THE DELIVERY DANCE The phones are still ringing and the faxes are still coming. Deliveries and pickups are a huge part of the business. Grubhub, Seamless and Delivery.com arrive by fax. Uber and DoorDash have their own tablets, and those still ring the bell. I check everything to make sure the orders are correct and then they need to be confirmed. These confirmation numbers are written on a notepad. If something is wrong I have to call the catering companies, they call the customer, it’s an endless barrage of calls. Then we pack everything and bring them to the door.

DUTY ENTRY DOOR I like to connect and welcome customers. We were so divided and far apart from each other. I want to hug everyone. We all say, “Hi, how are you? I tell them how we’re doing, they tell me how they’re doing, whether they’re engaged or married. My mouth doesn’t stop.

OFFICE ESCAPE If it’s not crowded, I go up to the office at 3 o’clock and have lunch for 30 minutes. I’m going to order a BLT or egg white omelet with vegetables, or a plain burger. And another iced coffee. My brain is strained and my eyes are tired. My lower back hurts. The desk is small, but there is a desk, chair, and recliner, which I slept in. I relax and call my boys to see if they are okay, what have they eaten, do they have any friends, am I entering a house that has four children or 10.

GROCERY TRANSPORT If the staff have everything under control, I go to Key Food in the Whitestone Mall and shop for the week. We go through a lot of milk, bread, eggs, cold cuts, toilet paper and cereals. I leave with five to eight bags.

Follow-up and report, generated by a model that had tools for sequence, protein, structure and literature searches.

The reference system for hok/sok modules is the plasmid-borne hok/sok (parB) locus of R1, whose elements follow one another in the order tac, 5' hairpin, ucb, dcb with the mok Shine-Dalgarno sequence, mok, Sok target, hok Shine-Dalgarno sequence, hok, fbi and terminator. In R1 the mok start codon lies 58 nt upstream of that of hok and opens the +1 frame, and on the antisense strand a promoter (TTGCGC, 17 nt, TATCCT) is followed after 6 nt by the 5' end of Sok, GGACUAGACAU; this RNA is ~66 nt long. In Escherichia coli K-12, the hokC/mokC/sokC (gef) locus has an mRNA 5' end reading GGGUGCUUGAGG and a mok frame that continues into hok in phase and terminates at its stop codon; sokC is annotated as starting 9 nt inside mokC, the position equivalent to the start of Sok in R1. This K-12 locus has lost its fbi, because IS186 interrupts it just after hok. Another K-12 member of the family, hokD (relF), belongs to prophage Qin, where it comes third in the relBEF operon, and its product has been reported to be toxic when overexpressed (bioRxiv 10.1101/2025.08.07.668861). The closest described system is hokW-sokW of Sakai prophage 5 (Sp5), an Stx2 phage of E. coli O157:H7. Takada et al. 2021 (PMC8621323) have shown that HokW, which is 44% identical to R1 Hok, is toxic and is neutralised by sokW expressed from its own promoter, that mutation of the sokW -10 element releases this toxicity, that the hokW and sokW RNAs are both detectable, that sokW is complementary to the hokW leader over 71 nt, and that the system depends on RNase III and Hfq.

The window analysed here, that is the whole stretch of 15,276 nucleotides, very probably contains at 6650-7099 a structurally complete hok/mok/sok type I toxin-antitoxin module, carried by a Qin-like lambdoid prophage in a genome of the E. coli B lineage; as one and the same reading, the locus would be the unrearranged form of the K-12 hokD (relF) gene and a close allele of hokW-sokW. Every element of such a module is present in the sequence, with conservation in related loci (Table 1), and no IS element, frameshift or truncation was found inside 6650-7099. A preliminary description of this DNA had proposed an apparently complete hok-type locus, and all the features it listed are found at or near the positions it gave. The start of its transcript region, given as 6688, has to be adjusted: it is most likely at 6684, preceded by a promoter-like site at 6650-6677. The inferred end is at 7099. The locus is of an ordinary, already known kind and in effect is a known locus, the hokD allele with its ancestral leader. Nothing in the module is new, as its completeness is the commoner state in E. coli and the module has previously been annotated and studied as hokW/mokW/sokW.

RESIDENCE The kids help bring everything inside. The sports channel is always on. I take the dog or she keeps jumping. She weighs only five pounds and looks like a rabbit. There is a lot of noise. I always ask, ‘Why are your clothes on the floor? Why can’t you pick up this or that? They only help me when I ask them. I’m working on it. It was very hard. It’s the life of a single woman with children. If my kids don’t have any friends, I put on my loungewear, which is pajamas or yoga pants and a t-shirt.

FILL MORE BELLY I do the laundry and cook dinner. Sometimes I will have prepared something before I go or I will make chicken and potatoes, spaghetti and bolognese, or pork chops and salad. If I’m really tired, I bring food from the restaurant: chicken wings, Philly cheese steak, nachos; they all want different things. Since Chris died, we rarely sit down as a family, which is sad. My whole life is different now. Sometimes they will have eaten during the day and want nothing. If that happens I get a bowl of cherries and we all watch a game on TV which is really cool because I love being with them.

VENTILATION I am exhausted from the day. Children are usually in their bedrooms playing video games. This is the time when I make calls to my sister or to friends. I’ll check my email or log into Facebook. I’ll watch some news. The dog curls up next to me and I usually fall asleep around 11:30 am.